Bauwens K, Matthes G, Wich M, Gebhard F, Hanson B, Ekkernkamp A, et al. Navigated total knee replacement. A meta-analysis. J Bone Joint Surg Am. 2007;89(2):261–9.
Mason JB, Fehring TK, Estok R, Banel D, Fahrbach K. Meta-analysis of alignment outcomes in computer-assisted total kne arthroplasty surgery. J Arthroplasty. 2007;22(8):1097–106.
Hernandez-Vaquero D, Noriega-Fernandez A, Fernandez-Carreira JM, Fernandez-Simon JM, Llorens de Los Rios J. Computer-assisted surgery improves rotational positioning of the femoral component but not the tibial component in total knee arthroplasty. Knee Surg Sports Traumatol Arthrosc. 2014;22(12):3127–34.
Dutton AQ, Yeo SJ. Computer-assisted minimally invasive total knee arthroplasty compared with standard total knee arthroplasty. Surgical technique. J Bone Joint Surg Am. 2009;91 Suppl 2 Pt 1:116–30.
Khakha RS, Chowdhry M, Norris M, Kheiran A, Patel N, Chauhan SK. Five-year follow-up of minimally invasive computer assisted total knee arthroplasty (MICATKA) versus conventional computer assisted total knee arthroplasty (CATKA) - a population matched study. Knee. 2014;21(5):944–8.
Guyatt GH, Townsend M, Berman LB, Keller JL. A comparison of Likert and visual analogue scales for measuring change in function. J Chronic Dis. 1987;40(12):1129–33.
Norkin CC, White DJ. Measurement of joint motion; a guide to goniometry. F.A. Davis Company; 4th ed. 2009.
Brosseau L, Tousignant M, Budd J, Chartier N, Duciaume L, Plamondon S, et al. Intratester and intertester reliability and criterion validity of the parallelogram and universal goniometers for active knee flexion in healthy subjects. Physiother Res Int. 1997;2(3):150–66.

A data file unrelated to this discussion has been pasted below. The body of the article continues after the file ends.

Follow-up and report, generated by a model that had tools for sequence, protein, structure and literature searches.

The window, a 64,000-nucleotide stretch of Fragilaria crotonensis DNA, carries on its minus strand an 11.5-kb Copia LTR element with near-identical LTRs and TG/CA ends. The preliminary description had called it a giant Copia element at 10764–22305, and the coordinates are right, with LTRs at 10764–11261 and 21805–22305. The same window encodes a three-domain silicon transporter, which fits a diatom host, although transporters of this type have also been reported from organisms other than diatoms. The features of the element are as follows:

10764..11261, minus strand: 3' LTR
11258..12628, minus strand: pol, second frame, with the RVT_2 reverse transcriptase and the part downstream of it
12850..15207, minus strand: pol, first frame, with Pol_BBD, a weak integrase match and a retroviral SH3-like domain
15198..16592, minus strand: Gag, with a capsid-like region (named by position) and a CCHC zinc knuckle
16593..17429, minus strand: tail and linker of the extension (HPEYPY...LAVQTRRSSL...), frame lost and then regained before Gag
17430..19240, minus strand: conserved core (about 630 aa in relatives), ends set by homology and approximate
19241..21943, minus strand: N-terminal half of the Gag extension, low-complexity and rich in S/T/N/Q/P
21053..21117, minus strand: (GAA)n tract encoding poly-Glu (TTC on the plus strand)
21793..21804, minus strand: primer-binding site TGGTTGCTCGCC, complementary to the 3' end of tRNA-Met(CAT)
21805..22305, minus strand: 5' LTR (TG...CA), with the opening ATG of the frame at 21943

Lenssen AF, van Dam EM, Crijns YH, Verhey M, Geesink RJ, van den Brandt PA, et al. Reproducibility of goniometric measurement of the knee in the in-hospital phase following total knee arthroplasty. BMC Musculoskelet Disord. 2007;8:83.
Jones SE, Kon SS, Canavan JL, Patel MS, Clark AL, Nolan CM, et al. The five-repetition sit-to-stand test as a functional outcome measure in COPD. Thorax. 2013;68(11):1015–20.
Evanich CJ, Tkach TK, von Glinski S, Camargo MP, Hofmann AA. 6- to 10-year experience using countersunk metal-backed patellas. J Arthroplasty. 1997;12(2):149–54.
Insall JN, Dorr LD, Scott RD, Scott WN. Rationale of the knee society clinical rating system. Clin Orthop Relat Res. 1989;248:13–4.
Bellamy N, Buchanan WW, Goldsmith CH, Campbell J, Sitt L. Validation study of WOMAC: a health status instrument for measuring clinically-important patient-relevant outcomes following total hip or knee arthroplasty in osteoarthritis. J Orthop Reuth. 1988;1:95–108.
Ewald FC. The knee society total knee arthroplasty roentgenographic evaluation and scoring system. Clin Orthop Relat Res. 1989;248:9–12.
Chauhan SK, Clark GW, Lloyd S, Scott RG, Breidahl W, Sikorski JM. Computer-assisted total knee replacement. A controlled cadaver study using a multi-parameter quantitative CT assessment of alignment (the Perth CT Protocol). J Bone Joint Surg Br. 2004;86(6):818–23.
The CT investigation and statistical analysis of this study was financially supported by Stryker Corporation. CT investigation cost 20700 euro, de statistical analysis cost 2500 euro. Funding of the CT analysis was necessary because it does take part of the standard health care.
The authors declare that they have no competing interests.
FP, EL, CD collected the data, AJ conceived the study, recruited the company, and obtained the funding. FP wrote and submitted the paper. All authors read and approved the final manuscript.
About this article
Cite this article
Feczko, P., Engelmann, L., Arts, J.J. et al. Computer-assisted total knee arthroplasty using mini midvastus or medial parapatellar approach technique. BMC Musculoskelet Disord 17, 19 (2016). https://doi.org/10.1186/s12891-016-0872-7
- Total knee arthroplasty
- Minimally invasive surgery
- Blood loss